A proposal that would require hospitals to give patients, on request, information about anyone who accessed their health records would be costly, time-consuming, and could potentially put healthcare workers in danger from "stalkers" armed with the names of hospital employees, the American Health Information Management Association (AHIMA) says.
Chicago-based AHIMA, the non-profit association for HIM professionals, released public comments Wednesday that it submitted to the Office for Civil Rights (OCR) regarding the "HIPAA Privacy Rule Accounting of Disclosures under the Health Information Technology for Economic and Clinical Health Act" proposed rule.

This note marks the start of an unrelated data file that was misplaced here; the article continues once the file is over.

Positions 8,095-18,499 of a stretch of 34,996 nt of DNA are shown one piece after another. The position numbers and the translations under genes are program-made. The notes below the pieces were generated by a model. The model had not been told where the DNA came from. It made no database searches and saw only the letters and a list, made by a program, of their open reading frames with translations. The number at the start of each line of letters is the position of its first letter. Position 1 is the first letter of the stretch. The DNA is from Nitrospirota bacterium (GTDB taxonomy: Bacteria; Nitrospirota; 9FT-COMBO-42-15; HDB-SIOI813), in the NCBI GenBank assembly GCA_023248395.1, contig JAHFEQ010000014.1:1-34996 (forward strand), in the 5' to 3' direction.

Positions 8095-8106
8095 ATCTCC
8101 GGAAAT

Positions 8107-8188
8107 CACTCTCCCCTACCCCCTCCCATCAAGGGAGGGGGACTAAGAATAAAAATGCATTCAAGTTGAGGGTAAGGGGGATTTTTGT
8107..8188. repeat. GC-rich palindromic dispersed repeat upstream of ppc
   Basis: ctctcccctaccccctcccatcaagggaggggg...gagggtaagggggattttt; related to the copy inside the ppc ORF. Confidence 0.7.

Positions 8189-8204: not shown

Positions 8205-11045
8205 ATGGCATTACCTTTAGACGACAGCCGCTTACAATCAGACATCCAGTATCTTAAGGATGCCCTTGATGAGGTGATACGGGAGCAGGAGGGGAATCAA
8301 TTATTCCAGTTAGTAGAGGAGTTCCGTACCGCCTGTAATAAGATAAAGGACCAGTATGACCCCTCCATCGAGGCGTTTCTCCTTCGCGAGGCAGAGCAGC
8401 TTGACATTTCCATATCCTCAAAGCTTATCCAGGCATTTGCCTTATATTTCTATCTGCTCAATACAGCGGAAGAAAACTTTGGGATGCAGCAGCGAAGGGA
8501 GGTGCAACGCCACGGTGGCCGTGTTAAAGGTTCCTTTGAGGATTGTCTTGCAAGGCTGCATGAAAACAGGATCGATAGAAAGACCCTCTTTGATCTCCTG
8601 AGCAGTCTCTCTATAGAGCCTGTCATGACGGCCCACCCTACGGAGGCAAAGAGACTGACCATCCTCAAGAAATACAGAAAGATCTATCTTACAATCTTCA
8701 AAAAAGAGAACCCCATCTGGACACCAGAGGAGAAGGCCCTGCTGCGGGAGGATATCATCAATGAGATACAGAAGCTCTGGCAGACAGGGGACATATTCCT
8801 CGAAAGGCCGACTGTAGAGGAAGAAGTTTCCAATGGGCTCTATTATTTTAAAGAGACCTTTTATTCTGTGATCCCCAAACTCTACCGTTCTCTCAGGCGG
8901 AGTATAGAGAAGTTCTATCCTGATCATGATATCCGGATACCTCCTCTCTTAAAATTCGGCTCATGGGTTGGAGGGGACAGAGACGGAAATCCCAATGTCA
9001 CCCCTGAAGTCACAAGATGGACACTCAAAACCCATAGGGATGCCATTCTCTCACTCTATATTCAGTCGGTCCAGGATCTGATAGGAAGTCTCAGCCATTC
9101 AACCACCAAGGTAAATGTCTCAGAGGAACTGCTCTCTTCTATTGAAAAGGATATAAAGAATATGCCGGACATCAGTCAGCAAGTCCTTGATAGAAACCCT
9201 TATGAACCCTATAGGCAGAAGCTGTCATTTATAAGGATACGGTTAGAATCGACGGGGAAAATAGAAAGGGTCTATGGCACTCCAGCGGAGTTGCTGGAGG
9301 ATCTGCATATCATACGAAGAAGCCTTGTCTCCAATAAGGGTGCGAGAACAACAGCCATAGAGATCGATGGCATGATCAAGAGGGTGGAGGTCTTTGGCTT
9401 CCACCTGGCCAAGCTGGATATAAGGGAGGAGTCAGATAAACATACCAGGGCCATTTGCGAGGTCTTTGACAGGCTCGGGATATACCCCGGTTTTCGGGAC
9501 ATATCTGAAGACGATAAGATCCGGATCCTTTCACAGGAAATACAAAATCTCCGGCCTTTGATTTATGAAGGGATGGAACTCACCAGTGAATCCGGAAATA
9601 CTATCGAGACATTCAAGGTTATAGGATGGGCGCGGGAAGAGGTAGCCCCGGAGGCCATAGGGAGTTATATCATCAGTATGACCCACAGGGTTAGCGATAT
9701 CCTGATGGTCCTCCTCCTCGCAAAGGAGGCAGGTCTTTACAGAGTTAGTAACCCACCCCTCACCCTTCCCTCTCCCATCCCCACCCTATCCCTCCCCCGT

The disclosure rule, required by HITECH and published in the Federal Register May 31, updates the HIPAA Privacy Rule accounting of disclosures provision and creates an "access report" requirement. The new provision includes an accounting of who accessed electronic health information in a designated record set, for any reason. It covers both uses and disclosures, regardless of the purpose.
All such DRS systems should be capable of logging access, according to the proposed rule. OCR expects covered entities and business associates to generate access reports for each electronic DRS and aggregate it into a single electronic access report.
However, that would "cause a significant burden for covered entities and their EHR vendors" because current systems do not support such a requirement. The association suggests CEs and BAs respond to these patient requests on an ad hoc basis "rather than require significant systems and process changes that will raise the cost of healthcare for what appears to be a very limited number of requests."